I have previously (and wrongly) been accused of being sexist, which is why I hesitate to write this post: but I hope you’ll forgive me when I suggest that, in my opinion, the recent initiative to have women making up at least 40% of the board of directors in a company by 2020 is a terrible idea.
Not only is it a terrible idea, but I would be so bold as to say that it is a step away from equality, a move made in completely the wrong direction. There is no denying that, at present, women make up only a small percentage of the board; but by passing a ruling which sets this percentage at a certain level you are merely treating the symptoms, and not the causes, of the problem.
I’ve not done enough research to venture exactly what these causes are – an undercurrent of sexism in higher management? A lack of support for businesswomen? – but what I do know is that if I was a woman I would be deeply offended by the notion that I could be shoe-horned into a board of directors because I have breasts, not because I have the relevant skills and experience for the job. The initiative is short-sighted and patronising. It’s like choosing the fat kid for the school football team because you want to look inclusive, not because you think he’ll be a useful asset to the squad. Sort out the reasons why there is a lack of women in the top tier of management, instead of debating a ruling which many (myself included) perceive as demeaning.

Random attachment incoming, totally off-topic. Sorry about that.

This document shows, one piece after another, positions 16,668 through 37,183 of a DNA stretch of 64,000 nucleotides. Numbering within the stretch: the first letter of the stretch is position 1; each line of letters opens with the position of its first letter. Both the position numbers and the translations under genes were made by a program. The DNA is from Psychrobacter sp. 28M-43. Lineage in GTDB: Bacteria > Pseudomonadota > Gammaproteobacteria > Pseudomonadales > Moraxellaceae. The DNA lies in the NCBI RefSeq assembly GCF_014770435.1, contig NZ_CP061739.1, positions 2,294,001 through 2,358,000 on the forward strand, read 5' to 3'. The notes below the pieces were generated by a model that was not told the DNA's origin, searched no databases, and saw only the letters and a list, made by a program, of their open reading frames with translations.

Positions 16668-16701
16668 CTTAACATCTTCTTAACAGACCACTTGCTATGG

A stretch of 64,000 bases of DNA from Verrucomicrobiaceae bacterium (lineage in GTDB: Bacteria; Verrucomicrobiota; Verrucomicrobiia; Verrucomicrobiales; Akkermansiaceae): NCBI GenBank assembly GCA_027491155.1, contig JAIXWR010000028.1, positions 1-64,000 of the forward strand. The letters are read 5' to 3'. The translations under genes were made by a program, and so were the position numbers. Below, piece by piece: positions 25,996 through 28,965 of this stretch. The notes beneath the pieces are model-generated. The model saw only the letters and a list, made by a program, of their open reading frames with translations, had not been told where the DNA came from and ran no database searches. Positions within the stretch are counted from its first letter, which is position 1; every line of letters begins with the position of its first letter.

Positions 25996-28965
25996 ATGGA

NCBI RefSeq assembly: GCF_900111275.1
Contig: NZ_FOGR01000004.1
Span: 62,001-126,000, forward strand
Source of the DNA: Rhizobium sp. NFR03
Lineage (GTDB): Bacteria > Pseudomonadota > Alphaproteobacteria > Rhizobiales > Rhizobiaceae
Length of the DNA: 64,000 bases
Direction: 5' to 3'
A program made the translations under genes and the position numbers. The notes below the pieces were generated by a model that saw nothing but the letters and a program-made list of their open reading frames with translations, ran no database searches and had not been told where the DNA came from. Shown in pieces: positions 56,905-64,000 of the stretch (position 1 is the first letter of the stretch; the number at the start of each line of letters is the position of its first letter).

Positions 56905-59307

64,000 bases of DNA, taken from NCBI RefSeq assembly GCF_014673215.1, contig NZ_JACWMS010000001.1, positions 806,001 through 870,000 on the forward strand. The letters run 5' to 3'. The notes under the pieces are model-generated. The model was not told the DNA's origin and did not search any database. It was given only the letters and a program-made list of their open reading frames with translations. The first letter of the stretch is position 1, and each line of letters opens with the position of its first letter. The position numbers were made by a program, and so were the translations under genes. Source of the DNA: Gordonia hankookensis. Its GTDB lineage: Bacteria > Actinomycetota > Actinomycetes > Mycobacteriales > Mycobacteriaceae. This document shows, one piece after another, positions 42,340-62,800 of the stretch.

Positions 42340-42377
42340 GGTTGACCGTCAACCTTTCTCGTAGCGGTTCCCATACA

Not only is it demeaning, but it can be seen as sexism against men. Say there are ten people on a board of directors, and one resigns, leaving six men and three women. By this ruling a woman would have to be elected to the board, regardless of experience or quality. Businessmen would feel aggrieved that they could not even be considered: businesswomen would feel irritated that their promotion was a matter of fulfilling a legal obligation. A hypothetical scenario, granted, and on many occasions the businesswoman might be the right person for the job, but hopefully you can see my point.
From what I’ve heard and read so far, my thoughts match those of many women. There is an abundance of businesswomen whose skills match or exceed those of their male peers, and vice versa. Positive steps do need to be taken to ensure equality: but not at the price of a person’s dignity.